What Are Good Early-Morning Alternatives to Coffee?

If you still want to craft something special to ease into your day, you’re in luck. There are countless healthy coffee alternatives that are just as satisfying as coffee. And for those who may be caffeine sensitive, Feller suggests a cup of herbal tea, which “provides hydration alongside bioactive compounds.”

To add to that list of coffee alternatives, Horstman offers up a turmeric latte, a decaf chai, powdered greens with coconut water, or an adrenal cocktail. If you’re interested in an Ayurvedic solution, Poon shares a satisfying early-morning ritual.

“In the Ayurvedic tradition, it is common to drink a glass of warm water with lemon first thing in the morning to stimulate your digestive fire (or agni), which provides you with energy for the day,” Poon explains. “If you’re looking for another way to get a boost of cognitive energy, a short workout can also help you feel awake and alert without the external stimulation from caffeine.”

Should You Drink Coffee With Food?

While not everyone will be affected by drinking coffee on an empty stomach, it can wreak havoc for some.

Drinking coffee, on an empty stomach, is basically a double-whammy for our stress hormones,” Horstman shares. “Either eat breakfast first, start with tea, or add some “buffers” to your coffee: L-theanine, collagen, creamer, etc.”

Feller warns against substituting coffee for breakfast, while Poon encourages adding health-supportive spices to your coffee, including cinnamon, nutmeg, and cacao.

Is it Okay to Drink Coffee in the Afternoon?

Ultimately, it’s best to avoid coffee in the afternoon.

“I usually ask my clients to try to avoid afternoon coffee so as to support restorative sleep cycles,” Poon says. “Caffeine has a half-life of about five hours and its effects may be felt for up to 9.5 hours, so you would want to drink coffee at least five hours before you go to sleep. I usually recommend that my clients get their coffee in before 10 a.m.”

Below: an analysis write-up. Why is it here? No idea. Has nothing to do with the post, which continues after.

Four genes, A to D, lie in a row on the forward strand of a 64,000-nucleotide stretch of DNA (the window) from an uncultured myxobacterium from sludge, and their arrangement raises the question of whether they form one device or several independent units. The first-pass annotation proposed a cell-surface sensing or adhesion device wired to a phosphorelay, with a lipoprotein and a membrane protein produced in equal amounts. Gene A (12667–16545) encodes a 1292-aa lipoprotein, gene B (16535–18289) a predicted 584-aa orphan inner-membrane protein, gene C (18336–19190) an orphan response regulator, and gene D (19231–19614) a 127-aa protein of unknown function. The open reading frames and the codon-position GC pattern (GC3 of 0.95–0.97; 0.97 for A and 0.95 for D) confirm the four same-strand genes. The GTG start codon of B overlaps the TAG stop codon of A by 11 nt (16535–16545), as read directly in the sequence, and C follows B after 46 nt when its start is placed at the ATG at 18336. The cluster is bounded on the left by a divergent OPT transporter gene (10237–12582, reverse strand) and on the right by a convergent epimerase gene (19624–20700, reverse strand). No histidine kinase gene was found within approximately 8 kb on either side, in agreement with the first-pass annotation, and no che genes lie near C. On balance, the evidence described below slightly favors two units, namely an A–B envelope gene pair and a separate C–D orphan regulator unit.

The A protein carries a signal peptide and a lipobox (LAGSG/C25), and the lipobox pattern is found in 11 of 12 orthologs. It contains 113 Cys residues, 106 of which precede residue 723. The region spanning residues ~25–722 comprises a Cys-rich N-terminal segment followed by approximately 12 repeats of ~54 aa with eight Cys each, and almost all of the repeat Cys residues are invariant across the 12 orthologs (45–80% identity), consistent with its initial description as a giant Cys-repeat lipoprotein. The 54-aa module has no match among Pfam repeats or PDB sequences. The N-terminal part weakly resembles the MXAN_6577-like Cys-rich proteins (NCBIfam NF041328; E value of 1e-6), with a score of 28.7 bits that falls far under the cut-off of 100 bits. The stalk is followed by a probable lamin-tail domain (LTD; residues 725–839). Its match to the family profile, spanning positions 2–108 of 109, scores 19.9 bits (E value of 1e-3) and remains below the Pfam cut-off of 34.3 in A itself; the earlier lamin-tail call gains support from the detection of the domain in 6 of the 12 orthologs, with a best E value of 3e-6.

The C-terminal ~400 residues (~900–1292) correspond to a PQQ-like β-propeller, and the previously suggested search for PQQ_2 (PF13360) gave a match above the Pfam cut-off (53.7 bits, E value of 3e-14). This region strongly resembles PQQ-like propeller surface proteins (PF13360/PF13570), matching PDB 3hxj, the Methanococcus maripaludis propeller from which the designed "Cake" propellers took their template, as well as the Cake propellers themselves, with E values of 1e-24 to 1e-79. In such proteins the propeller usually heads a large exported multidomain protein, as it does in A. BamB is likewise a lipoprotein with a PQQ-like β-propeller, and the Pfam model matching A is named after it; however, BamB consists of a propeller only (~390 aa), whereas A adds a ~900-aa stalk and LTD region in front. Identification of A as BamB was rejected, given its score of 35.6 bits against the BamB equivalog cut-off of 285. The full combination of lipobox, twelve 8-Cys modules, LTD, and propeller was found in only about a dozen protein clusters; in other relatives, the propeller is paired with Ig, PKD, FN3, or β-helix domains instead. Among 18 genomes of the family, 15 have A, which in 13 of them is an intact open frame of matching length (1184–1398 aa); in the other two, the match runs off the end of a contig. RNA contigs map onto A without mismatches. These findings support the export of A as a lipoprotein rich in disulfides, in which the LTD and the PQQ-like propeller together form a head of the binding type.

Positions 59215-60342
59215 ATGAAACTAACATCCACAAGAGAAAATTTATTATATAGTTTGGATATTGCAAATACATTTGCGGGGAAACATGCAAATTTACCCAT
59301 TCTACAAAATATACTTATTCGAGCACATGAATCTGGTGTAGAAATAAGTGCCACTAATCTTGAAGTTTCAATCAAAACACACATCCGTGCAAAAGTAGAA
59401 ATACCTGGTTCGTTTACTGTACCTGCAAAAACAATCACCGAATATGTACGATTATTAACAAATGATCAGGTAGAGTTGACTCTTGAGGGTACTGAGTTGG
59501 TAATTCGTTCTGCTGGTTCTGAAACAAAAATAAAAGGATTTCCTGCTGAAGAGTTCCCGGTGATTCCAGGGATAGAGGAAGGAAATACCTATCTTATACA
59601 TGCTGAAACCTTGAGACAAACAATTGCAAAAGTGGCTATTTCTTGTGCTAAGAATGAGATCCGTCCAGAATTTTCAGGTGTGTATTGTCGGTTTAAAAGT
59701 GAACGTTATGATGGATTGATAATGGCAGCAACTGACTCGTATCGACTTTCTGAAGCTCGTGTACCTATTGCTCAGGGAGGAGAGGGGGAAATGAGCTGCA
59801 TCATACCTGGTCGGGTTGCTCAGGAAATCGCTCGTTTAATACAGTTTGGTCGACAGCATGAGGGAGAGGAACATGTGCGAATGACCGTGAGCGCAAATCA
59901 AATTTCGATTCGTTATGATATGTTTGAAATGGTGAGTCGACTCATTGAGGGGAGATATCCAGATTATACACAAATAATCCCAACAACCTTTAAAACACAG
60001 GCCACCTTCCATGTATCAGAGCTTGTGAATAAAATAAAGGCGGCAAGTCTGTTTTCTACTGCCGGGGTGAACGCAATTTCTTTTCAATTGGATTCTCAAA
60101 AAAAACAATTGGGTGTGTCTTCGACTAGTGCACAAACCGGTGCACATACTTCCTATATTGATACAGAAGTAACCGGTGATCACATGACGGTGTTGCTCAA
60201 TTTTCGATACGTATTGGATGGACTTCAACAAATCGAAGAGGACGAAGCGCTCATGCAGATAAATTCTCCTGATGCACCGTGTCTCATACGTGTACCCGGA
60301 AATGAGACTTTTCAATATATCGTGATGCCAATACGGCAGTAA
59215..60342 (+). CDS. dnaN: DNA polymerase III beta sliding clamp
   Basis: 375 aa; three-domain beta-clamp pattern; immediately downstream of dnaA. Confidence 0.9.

Horstman agrees it’s best to avoid coffee after lunch hours, but notes that everyone metabolizes it differently.

If you’re looking for a gentler afternoon boost, consider some of our favorite coffee alternatives, including matcha, which is loaded with benefits that help justify its caffeine.

Is It Okay to Drink Coffee Every Day?

I was thrilled to hear a resounding yes! across the board when it comes to the health benefits of daily coffee.

Coffee provides one of the most significant amounts of antioxidants in the standard American pattern of eating,” Feller shares. “Research has suggested that drinking coffee may reduce the risk of stroke, dementia, and depression as well as decrease the risk of developing Parkinson’s disease. Coffee, up to levels of about 300 to 400 milligrams per day, has been shown to be safe and healthy.”

Given that the effects of coffee are so personal, it might be helpful to take a holistic approach to coffee consumption. “If my clients are already experiencing chronic stress or are drinking coffee in a way that disrupts their sleep, then we usually work to limit caffeine consumption,” Poon adds.